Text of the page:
External link to Strong Sentencing for Bolivian Uncle Indicates Crackdown on Family Abuse
It was perfect in a bittersweet way
The overcast day
The fresh flowers
The shades of black and grey
The Padre Nuestro
The father’s chanting
They ushered him through a maze
of flagstones well-polished by the varnish of water
and the heavy footsteps of generations of mourners.
For fifty pesos a stranger sang
as we showered him with rose petals and rain.
Amidst her wailing and her brothers’ silent despair
and the cement mixed and laid thick to immortalise him,
the sky stops crying and its blue eyes blink
and I, for a moment, stare into eternity,
into sorrow, into loss, into hope.
Avenues upon avenues of memories
in this city of the departed;
yards and yards of carnations
doing their best to defy time –
but who can resist?
Grief made her embrace linger, made us angels
without wings, and stranded on earth,
but angels nonetheless.
Another Padre Nuestro
Another moment without him
The first of too many. Continue reading Victor
Strong Sentencing for Bolivian Uncle Indicates Crackdown on Family Abuse (my piece from the IJM Newsroom) LA PAZ, BOLIVIA, May 31, 2015 After two years of relentless effort by the IJM team, a Bolivian man has been sentenced to 22.5 years for abusing his 7-year-old niece. Throughout the legal process, the family faced multiple roadblocks, including threats to their safety and an uphill battle in the Bolivian justice system. However, … Continue reading Strong Sentencing for Bolivian Uncle Indicates Crackdown on Family Abuse
Filing photos is an emotionally taxing task. It’s not easy flicking through the faces of kids who have been sexually abused. Equally powerful are pictures of the parents determined to have justice for their son or daughter. Smiles. Frowns. Joy. Sadness. Hope. Despair. Courage. Fear. Our image archive spans a wide spectrum of emotions. It’s beautiful, but in a way that makes you ache inside. Most of these are photos … Continue reading The kids that break your heart
External link to The hidden reason for poverty
I have a friend who used to say that there’s no such thing as luck, only statistics.
It’s all just a matter of chance and probability. What we’re really saying when we say something that happened was bad luck is that the improbable (but not impossible) negative outcome happened. What we’re really saying when we wish someone good luck is that we hope probabilities work in their favour.
Then there are those moments when you really see how the stars have aligned. Yes, it’s still probability at play – but I don’t believe statistics preclude God’s involvement; indeed I believe God can work with probabilities and against them.
B, one of our clients, was diagnosed with cancer and given a 60-70% of responding to treatment and a 40% chance overall of recovering. Hospital A doesn’t generally provide chemotherapy. They were going to send B home to free up a bed, and put her on the three-month waiting list at another hospital. It’s Monday. Continue reading Coincidence vs Providence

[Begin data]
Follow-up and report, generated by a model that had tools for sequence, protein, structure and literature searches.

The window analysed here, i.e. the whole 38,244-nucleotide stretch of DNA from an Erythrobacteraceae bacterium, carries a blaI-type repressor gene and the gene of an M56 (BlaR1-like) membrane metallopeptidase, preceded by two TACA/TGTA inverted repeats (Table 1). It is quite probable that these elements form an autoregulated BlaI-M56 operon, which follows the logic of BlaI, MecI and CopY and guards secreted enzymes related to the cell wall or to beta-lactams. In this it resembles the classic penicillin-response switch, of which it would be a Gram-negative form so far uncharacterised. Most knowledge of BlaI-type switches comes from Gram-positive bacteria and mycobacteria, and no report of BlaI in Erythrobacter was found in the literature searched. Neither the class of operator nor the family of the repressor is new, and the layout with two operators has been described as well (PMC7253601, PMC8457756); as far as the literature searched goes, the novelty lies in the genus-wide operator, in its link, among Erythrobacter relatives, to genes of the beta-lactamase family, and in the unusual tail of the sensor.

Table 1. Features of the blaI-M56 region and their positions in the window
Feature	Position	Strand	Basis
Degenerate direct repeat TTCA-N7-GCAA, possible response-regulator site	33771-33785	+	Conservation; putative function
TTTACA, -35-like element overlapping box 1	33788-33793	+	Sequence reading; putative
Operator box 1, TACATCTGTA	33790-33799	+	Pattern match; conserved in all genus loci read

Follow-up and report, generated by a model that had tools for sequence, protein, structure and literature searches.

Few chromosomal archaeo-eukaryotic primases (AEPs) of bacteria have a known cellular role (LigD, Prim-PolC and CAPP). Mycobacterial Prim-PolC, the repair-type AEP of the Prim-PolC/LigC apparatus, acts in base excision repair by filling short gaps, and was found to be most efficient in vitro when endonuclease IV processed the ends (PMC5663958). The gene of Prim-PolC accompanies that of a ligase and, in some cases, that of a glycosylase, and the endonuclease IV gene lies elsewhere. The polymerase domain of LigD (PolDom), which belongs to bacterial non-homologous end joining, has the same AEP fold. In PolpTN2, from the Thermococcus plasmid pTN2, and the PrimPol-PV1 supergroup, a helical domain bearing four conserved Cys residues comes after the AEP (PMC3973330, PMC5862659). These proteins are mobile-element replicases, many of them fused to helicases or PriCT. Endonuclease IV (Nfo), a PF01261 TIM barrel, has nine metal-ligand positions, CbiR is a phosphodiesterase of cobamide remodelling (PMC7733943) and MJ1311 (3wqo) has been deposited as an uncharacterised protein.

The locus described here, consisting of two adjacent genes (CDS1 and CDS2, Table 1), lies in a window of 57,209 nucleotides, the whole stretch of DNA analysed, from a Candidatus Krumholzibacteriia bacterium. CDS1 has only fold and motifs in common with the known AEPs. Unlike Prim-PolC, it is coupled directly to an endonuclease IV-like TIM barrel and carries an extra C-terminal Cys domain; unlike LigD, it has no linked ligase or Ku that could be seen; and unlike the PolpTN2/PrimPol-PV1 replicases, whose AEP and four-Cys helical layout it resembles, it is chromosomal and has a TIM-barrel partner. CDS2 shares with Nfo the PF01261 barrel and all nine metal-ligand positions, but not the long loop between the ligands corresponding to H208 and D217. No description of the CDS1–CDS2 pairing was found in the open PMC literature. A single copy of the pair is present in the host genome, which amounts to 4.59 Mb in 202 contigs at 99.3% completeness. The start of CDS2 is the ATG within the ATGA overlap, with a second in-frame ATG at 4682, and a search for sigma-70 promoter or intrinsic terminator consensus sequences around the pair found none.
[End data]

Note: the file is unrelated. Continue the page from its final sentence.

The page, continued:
Check out IJM President and Founder Gary Haugen’s TED talk on the hidden reason for poverty the world needs to address now. Continue reading The hidden reason for poverty
I thought we were going to the jungle. Turns out we went to a glacier. On the road Emerging from La Paz, we drove a couple of hours through the desolate, windswept Bolivian altiplano. Our first stop was a miners’ graveyard – popular with tourists, judging by the busloads that had arrived before us. I don’t blame them. The quaint tombs (like mini cottages … or kennels) … Continue reading All About Altitude (Charquini and Chacaltaya)
1. Since 2011, Supreme Court judges have been elected by popular vote. In January 2015, President Evo Morales admitted the justice system had gotten worse under this arrangement, and proposed a referendum to modify the constitution and reform the justice system. 2. Under Morales (that is, since 2006), there have been five female Ministers for Justice – no men have held this portfolio. 3. Until 30 October … Continue reading Five fun facts about the Bolivia legal system
As we emerge sleepy-eyed from our mosquito net tents, Lauren murmurs to me, “Happy Easter …” For a few split seconds, I’m a little befuddled, head lost in a haze of drizzling rain and a chorus of birds and insects. Today is … Sunday. Easter Sunday. Oh, right. It was probably one of the least Eastery Easters I’ve had so far. We were a good couple of hours up … Continue reading Easter in the Amazon
After Oruro, the roadtrip. Oruro to Potosí (Saturday) Making it from Oruro to Tarija in the one evening was wishful thinking. We get halfway, pulling into Potosi, a little before midnight. It’s Saturday night, but there’s no party and we can’t even get a local beer – so it’s a can of Paceña, then to bed. Potosí to … Tupiza? (Sunday) A beautiful, sunny day. … Continue reading Carnaval Act II: Oruro-Tarija-La Paz
4.30am. Get up after 5 hours of sleep. For some reason, it’s easier than dragging myself out of bed at 7am. 5.15am. Our tour bus leaves La Paz for Oruro. I get some sleep. 9am. We take our seats at the stands on Avenida 6 de agosto (aka Avenida Folclórica). Parade’s already begun, other stands are gradually filling up, sun is out. Partly what you’d expect … Continue reading Carnaval Act I: Oruro